by Mark Noseworthy, Group Engineering Manager

I was recently working at a client and made some DeltaV code changes on the Development system to a composite 1 used in a control module. One of the code changes involved adding an Alias 2 reference out to a different control module to obtain some information running in that other module concurrently. Once it was all configured and tested, the code was downloaded successfully to the Production system, and I didn’t think any more on it. 

Fast forward a few months, and a colleague is modifying the same code for a different project.  He was experiencing some odd behavior in the code that he couldn’t explain.  He pulled in the client and me to look at it, and none of us could figure out what was happening.  The phase that was running on the unit module that contained the control module with the composite that we had both updated would not run successfully the first time through the code, but if manually manipulated, the phase would run as expected subsequent to that first pass through the logic. We troubleshot the issue by first reinstalling the code without my colleague’s changes, assuming that would fix things.  It did not.  We were flummoxed. Since my colleague’s logic needed to be used in Production, the client indicated that it was acceptable to put on the Production system, attributing the odd behavior as a Development system issue. Upon doing this there were no issues running in Production.  Although grateful, we were doubly flummoxed now.  Clearly the issue lies in the Development system, but where?

Further investigation discovered a yellow question mark (which generally means some sort of error) on a CALC (calculation) block that was definitely not there when the initial code was verified.  This also happens to be the location of the code update that included the Alias reference out to that other module that I mentioned previously.  I proceeded to test a few things. First, I monitored when this CALC block gets accessed, and even when not executing this CALC block, the same symptoms described above kept happening.  Second, I removed the logic by commenting out the code, and the yellow question mark went away, and the code executed without the odd behavior.  This was helpful, as it pointed toward the Alias reference as the culprit.  But remember, this code worked without issue in Production, and also worked in Development in a previous iteration, not to mention that it was qualified code that was required, so removing it long term was not a viable solution. 

At this point, the issue was escalated again to the client. After troubleshooting without success, the client remembered that the unit module had been downloaded from the Production system into the Development system as a means of ensuring that code updates on the Development system align with the actual running logic in Production. As it turns out, this download was made around the time that these issues started appearing. Now there were two potential culprits, the unit module download and the Alias reference in the composite’s CALC block.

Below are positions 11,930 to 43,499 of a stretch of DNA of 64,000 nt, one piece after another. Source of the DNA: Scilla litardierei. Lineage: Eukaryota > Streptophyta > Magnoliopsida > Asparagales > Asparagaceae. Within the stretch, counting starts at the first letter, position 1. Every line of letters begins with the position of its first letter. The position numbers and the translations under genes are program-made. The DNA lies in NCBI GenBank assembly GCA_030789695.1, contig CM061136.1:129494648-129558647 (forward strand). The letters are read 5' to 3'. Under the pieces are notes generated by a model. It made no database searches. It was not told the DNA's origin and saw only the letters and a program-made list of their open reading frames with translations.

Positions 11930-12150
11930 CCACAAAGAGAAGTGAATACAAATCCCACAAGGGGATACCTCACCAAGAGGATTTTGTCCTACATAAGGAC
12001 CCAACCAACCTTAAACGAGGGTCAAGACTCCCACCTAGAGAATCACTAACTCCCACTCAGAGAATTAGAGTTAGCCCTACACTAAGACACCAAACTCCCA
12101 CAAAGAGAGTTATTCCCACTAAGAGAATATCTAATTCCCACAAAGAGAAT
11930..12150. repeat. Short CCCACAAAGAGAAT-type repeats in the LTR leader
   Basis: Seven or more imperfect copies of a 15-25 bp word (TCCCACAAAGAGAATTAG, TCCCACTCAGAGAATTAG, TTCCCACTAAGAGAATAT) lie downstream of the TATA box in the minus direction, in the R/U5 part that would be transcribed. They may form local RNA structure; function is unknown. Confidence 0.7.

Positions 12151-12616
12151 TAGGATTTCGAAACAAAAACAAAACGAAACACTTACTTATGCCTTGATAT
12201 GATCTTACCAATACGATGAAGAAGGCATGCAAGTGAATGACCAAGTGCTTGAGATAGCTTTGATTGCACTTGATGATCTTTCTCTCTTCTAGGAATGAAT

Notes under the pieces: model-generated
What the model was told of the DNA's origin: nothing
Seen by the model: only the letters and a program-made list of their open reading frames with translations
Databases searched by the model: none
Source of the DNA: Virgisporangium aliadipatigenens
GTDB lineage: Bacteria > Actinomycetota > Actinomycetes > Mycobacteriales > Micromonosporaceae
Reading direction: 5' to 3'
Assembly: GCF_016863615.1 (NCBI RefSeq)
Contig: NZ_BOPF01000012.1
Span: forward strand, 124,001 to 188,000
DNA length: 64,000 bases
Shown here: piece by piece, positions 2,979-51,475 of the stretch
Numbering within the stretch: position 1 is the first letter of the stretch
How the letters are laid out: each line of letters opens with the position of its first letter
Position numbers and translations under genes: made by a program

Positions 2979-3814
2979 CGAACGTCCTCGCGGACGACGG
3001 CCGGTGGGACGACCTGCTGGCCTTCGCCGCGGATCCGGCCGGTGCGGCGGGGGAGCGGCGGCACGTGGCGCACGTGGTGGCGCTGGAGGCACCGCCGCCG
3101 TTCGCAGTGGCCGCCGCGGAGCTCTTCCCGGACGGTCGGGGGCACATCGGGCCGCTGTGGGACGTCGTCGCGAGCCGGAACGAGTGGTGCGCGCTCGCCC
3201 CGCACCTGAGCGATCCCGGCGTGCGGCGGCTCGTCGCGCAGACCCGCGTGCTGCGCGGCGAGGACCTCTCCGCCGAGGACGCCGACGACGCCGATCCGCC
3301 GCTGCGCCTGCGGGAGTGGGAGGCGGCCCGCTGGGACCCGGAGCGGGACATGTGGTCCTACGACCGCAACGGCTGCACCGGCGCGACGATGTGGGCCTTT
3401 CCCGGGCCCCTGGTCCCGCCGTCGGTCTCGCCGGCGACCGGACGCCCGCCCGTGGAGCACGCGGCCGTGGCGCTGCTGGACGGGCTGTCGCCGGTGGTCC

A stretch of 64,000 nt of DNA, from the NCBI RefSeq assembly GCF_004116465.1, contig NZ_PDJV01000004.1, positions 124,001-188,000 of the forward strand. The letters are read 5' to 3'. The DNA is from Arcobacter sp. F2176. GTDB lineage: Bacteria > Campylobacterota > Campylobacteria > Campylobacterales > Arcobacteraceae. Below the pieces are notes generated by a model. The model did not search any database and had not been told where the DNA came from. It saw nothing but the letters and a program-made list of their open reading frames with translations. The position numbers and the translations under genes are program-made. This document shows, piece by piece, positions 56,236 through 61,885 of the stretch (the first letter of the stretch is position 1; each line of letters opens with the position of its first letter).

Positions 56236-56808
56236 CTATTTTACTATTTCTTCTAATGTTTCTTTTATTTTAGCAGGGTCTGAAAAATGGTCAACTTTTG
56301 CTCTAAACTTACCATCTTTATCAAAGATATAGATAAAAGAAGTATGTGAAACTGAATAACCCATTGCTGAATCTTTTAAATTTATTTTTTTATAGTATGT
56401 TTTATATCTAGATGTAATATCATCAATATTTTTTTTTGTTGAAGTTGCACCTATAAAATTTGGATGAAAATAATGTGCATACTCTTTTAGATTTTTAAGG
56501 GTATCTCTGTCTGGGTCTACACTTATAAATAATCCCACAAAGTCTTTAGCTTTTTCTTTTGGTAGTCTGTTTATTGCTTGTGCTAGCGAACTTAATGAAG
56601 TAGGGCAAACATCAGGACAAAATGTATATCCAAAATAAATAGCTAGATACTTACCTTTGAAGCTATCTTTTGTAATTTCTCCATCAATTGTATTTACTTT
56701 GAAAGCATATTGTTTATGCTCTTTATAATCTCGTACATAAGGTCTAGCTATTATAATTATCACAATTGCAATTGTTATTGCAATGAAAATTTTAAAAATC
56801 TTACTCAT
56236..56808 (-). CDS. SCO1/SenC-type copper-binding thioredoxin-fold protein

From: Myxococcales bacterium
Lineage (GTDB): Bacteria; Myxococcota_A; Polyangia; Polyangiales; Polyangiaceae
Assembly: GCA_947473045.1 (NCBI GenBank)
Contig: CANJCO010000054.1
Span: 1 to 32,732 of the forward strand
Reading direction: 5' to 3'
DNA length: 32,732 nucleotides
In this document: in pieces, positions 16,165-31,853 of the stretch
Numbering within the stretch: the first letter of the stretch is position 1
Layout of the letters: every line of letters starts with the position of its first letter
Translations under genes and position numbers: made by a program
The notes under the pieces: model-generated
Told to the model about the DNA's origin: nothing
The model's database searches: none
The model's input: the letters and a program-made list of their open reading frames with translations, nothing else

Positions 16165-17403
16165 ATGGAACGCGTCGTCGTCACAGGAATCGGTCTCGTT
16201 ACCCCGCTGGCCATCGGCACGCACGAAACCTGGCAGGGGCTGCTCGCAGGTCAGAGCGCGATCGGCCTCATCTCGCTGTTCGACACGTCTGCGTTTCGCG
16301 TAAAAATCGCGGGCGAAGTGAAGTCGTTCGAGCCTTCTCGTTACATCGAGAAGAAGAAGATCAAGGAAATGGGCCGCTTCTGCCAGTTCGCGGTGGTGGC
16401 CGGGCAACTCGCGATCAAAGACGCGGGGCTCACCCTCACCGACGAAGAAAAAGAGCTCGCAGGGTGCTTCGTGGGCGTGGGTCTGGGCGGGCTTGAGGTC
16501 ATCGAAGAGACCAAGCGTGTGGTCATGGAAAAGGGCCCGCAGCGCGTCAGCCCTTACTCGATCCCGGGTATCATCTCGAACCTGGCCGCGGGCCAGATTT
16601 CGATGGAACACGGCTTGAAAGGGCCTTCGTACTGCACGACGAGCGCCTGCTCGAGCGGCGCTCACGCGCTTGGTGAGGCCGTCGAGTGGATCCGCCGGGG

: Production system infrastructure vs Development system infrastructure. Ofttimes, a Development system for DeltaV is a scaled back version of the Production system, due to cost and licensing constraints of both the Input/Output (I/O) capacity, the virtual controllers, and the IT networking and infrastructure capabilities.  This is a business decision and is quite normal for clients with a lot of equipment. In the case above, there are maybe a quarter of the number of virtual controllers in the Development system as there are physical controllers in the Production system.  This is relevant as not all physical controllers found in the Production system are represented as virtual controllers in the Development system. 

Upon further investigation, it was determined that the Production system physical controller for the unit module in question was different than the Development system virtual controller.  This can happen, for example, when a virtual controller is not available with the same name as the Production controller due to all virtual controllers being used up in Development, so to expedite getting things done, a change to the unit module and subordinate modules are made that change the controller reference from what is in Production.  The download of the unit module by the client actually changed the controller reference in the Development system to match Production.  At this point, the bulk of the control modules were now on a different virtual controller than the unit module.  Why is this important? Because Alias resolution in class-based modules occur in the controller, meaning they do not work across multiple controllers, which caused the issue. Once this was realized, changing the controller reference of the unit module to match the controller reference of control module that contains the Alias reference solved the issue.

Cases where this will most likely show up are:

The aforementioned controller mismatches when migrating code between multiple environments (Production vs Development)

Initial system design and build, where code sharing is common across many controllers

1 A composite is a reusable piece of common code that can be linked or embedded in a higher-level module (control module, equipment module, unit module, phase)

2 An Alias is a name substitution (typically for control or equipment modules) used most commonly by unit classes when executing common phase logic that resolve at the instantiation of the unit class (the unit module).

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